How do you feel about “poetry of witness”? I’m referring to a still-debated term used by Carolyn Forche and other poets that respond in their poems to the injustices, oppression, and violence suffered by others.
At the recent AWP conference in Boston, I heard wonderful poets–from the Old Guard and the Newer alike–including Sharon Olds, Olga Broumas, Kathleen Graber, and Kimiko Hahn–praise Adrienne Rich and Muriel Rukeyser. Carolyn Forche is a long favorite of mine as well.
It’s one of many paths poetry can take, and this one can be fraught. My poetry mentors of the ’80s were mostly men who were, while brilliant artists, indoctrinated in the view that any brand of “political poetry” was, categorically, bad. Today I’m sure their views are more nuanced. At least, I like to think so. I don’t think they would have argued that Wilfred Owen’s “Dulce et Decorum Est” is a bad poem, nor Randall Jarrell’s “The Death of the Ball-Turret Gunner,” but when it came to feminism, domestic violence, abject poverty, and a host of other social issues, they turned away, huddled over poems that remained intensely personal or philosophical. I’ve noticed, over the years, that much of this work is written by women or people of color against whom they would never overtly discriminate today.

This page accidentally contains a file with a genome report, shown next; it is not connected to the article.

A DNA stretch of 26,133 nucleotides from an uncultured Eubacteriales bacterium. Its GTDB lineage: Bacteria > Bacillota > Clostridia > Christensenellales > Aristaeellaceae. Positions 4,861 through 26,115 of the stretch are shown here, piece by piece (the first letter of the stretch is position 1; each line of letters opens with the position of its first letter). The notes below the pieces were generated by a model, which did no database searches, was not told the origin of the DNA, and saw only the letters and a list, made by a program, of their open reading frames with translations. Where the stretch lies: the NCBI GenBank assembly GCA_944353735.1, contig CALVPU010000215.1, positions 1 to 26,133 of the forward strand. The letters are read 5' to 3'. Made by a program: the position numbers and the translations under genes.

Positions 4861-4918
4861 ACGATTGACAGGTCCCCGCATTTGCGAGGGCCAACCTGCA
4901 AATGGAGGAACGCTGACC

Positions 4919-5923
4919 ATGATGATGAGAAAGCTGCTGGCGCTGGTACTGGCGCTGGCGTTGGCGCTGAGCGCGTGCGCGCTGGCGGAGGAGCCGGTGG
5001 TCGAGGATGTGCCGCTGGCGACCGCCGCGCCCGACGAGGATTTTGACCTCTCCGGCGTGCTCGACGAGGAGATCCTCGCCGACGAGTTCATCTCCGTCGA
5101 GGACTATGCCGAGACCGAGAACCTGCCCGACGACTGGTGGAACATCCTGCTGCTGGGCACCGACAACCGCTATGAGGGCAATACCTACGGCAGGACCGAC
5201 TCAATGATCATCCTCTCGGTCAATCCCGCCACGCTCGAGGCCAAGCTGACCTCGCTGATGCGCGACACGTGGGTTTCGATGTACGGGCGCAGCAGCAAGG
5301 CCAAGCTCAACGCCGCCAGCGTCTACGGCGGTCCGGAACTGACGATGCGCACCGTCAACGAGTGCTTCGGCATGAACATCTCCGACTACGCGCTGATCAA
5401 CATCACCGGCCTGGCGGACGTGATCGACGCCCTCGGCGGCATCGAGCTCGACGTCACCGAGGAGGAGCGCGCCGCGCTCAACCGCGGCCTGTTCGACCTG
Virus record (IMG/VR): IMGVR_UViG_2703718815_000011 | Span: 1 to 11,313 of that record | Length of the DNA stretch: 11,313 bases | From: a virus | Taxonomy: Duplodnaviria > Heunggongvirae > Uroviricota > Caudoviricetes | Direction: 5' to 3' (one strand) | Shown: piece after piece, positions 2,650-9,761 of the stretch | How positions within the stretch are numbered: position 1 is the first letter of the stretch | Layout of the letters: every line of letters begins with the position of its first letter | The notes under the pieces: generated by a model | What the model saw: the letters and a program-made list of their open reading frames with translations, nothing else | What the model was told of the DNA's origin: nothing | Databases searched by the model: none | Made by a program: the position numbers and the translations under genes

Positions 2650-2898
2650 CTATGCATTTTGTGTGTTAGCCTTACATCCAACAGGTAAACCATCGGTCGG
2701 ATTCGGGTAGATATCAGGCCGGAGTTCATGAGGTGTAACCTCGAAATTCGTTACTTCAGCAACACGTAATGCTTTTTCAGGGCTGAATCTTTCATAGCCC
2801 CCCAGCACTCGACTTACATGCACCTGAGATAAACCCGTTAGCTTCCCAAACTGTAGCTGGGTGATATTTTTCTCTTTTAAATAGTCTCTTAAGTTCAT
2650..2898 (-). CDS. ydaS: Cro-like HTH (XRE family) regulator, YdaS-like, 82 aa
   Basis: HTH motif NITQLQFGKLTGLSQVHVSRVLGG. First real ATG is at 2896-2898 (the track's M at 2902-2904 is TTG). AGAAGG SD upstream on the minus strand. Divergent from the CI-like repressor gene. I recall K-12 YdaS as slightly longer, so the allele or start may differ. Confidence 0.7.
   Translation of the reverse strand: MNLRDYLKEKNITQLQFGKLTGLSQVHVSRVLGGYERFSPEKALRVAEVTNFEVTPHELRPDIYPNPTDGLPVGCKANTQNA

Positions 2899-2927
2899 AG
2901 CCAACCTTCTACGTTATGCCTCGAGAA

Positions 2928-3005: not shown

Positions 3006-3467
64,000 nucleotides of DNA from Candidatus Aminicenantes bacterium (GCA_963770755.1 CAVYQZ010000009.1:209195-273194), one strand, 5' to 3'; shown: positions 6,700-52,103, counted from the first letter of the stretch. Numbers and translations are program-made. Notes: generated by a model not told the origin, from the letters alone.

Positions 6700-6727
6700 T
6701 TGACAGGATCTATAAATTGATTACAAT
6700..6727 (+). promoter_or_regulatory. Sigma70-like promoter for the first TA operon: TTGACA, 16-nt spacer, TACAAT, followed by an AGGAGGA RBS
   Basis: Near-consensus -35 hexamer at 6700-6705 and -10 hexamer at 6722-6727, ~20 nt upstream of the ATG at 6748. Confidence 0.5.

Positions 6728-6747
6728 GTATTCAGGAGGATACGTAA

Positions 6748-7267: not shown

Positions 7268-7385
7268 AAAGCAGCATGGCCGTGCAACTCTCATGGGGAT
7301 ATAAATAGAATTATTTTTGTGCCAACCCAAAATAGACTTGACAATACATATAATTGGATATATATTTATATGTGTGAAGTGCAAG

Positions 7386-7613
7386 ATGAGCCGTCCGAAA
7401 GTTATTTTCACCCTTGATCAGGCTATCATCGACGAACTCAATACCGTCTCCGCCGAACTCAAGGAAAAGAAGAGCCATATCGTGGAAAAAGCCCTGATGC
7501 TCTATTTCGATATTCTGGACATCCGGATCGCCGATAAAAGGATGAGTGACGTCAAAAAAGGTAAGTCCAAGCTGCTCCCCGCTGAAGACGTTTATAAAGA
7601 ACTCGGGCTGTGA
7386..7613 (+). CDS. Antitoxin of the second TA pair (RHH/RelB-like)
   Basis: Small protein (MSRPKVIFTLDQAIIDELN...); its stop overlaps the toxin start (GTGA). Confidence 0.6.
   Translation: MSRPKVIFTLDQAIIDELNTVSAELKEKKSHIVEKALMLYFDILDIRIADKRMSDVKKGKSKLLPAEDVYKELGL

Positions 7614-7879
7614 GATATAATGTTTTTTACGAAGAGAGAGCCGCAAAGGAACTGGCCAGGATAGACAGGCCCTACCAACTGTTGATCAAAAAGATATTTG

What makes “political poetry” good or bad? When does some measure of social activism cross the invisible (perhaps undulating) demarcation between compassion and schlock or opportunism or appropriation of others’ experience?
5 thoughts on “Poetry of Witness”
I’m not very poetically educated, but I like that term. Thanks for introducing it to me. Like any other variant of politics, the determinant of whether “political poetry” is good or bad would be to what extent it persuades the audience to favor the positions it takes. I could see classical aesthetes labeling it bad because it has a more specific goal than the power of words being transformative through effective construction and choice.
Thinking of your question, my mind immediately flew to Ginsberg’s “America” and Ginsberg’s 4 principles of practice: sincerity, clarity, simplicity, humility. That is, what makes political poetry good or bad is pretty much what makes other kinds of poetry good or bad: bad poetry violates the principles and good poetry affirms them. (Backstory: I played in Ginsberg’s band at Naropa. . .)
I so agree with you, and I’m glad you thought of Ginsberg. I think also of Derek Walcott in “Midsummer (XXIII)” about a confrontation between blacks and skinheads in London and what Adrienne Rich says about that poem, her own “Twenty-One Love Poems,” and other pieces in an interview with David Montenegro (1991): they express “a different sensibility and in a changed language.”
Kathie, a difficult question by its very nature: where would you “place” Ginsberg in the canon(s)? And if you don’t mind, where would Kerouac and Burroughs fit (keeping in mind that Burroughs was not a Beat)?
I read the Tao of Physics and loved it.